The performances are organized into 13 “narrative sets” grouped by Fienup-Riordan to reflect primary relationships. These include, “A’ka Tamanni Yuullrat: Life in the Past,” “Yuut Ungungsiit-llu: Humans and Animals,” “Angutet Arnat-llu: Men and Women,” “Yupiuyaraq: Becoming a Yup’ik Person,” “Angalkut: Shamans,” “Nukalpait: Great Hunters,” “Ellminek Ikayuryqraq Yuilqumi: Yupik Survival Skills,” and several more. The chapters and the stories within each chapter are presented in the order they were told by Paul John, and the only intrusions upon his original performance are in the form of whispery endnotes that provide some contextualizing information about key Yup’ik concepts, practices or sayings. This volume does not provide an extensive background on Coastal Yup’ik beliefs, practices and ways of knowing, and should be approached with caution by those inexperienced with Yup’ik culture. Fienup-Riordan’s (1996) volume Boundaries and Passages: Rule and ritual in Yup’ik oral tradition provides a nice companion volume to John’s oratory and is suggested along with Morrow and Schneider’s (1998) When Our Words Return, Writing, hearing and remembering oral traditions of Alaska and the Yukon as background reading for those who may need or desire more explication on the role of oratory, narrative and performance for Yupiit both of the past and today.

This volume provides not only a wealth of cultural and historical information, but through its meticulous transliteration it also provides a library of linguistic knowledge as well. Sophie Shield was the sole transcriber and translator for all 38 of the original recordings. Shield chose a prose method of representing the oral performances, but as Fienup-Riordan points out, “her paragraphs are no longer arbitrary groupings disconnected from Paul’s original performance,” but instead maintain much of the flow and natural breaks that occurred in the oral versions. The sheer length of the volume would have prohibited the “short-line” verse format that many now use in the literary representation of Native American oral narratives.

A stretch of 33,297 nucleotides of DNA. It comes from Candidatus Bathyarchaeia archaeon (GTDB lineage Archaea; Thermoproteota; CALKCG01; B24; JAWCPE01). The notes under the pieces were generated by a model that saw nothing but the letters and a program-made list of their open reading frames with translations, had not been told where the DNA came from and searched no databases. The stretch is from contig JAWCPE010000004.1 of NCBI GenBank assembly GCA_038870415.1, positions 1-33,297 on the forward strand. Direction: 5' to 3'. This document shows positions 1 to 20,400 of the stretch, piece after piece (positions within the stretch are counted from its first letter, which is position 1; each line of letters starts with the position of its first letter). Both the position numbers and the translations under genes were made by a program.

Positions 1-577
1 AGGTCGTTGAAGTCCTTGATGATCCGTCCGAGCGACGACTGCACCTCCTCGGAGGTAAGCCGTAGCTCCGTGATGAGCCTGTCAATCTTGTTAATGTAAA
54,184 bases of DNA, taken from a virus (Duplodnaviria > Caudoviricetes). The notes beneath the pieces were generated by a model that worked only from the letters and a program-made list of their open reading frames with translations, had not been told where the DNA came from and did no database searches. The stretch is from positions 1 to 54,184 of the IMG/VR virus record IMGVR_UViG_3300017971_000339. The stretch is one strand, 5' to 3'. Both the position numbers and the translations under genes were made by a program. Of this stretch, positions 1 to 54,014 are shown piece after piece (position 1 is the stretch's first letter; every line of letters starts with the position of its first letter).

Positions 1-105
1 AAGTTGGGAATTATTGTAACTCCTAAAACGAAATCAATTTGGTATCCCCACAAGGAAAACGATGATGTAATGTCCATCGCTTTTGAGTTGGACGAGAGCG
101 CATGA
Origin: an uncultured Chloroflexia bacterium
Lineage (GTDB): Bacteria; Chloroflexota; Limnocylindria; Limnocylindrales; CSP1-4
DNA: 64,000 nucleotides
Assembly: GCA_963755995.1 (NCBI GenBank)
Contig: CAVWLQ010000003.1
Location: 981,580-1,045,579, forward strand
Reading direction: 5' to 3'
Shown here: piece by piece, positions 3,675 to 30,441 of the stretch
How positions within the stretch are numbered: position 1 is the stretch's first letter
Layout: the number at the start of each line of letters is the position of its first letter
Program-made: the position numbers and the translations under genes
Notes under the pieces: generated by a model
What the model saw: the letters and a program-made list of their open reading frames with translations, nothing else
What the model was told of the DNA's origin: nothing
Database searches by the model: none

The volume’s length and density in some ways limit its accessibility to its originally intended audience, children and adolescents. In this way, Paul John’s original intentions may not be as fully reflected as his original performances in this work. At the same time, Fienup-Riordan makes clear that Paul John agreed to the production of this volume as another vehicle to pass on the collective knowledge of his Yup’ik ancestors. At the heart of the volume lies a fundamental question: What does it mean to be a “real Yup’ik” person? Paul John’s performances speak to this issue from multiple perspectives. Three central themes, authenticity, morality and survival emerge as central in both Paul John’s life story and his stories about life. It is at this intersection between what is real, what is good and what is necessary where story becomes life and life becomes story, where past and future merge and rise up to meet the present.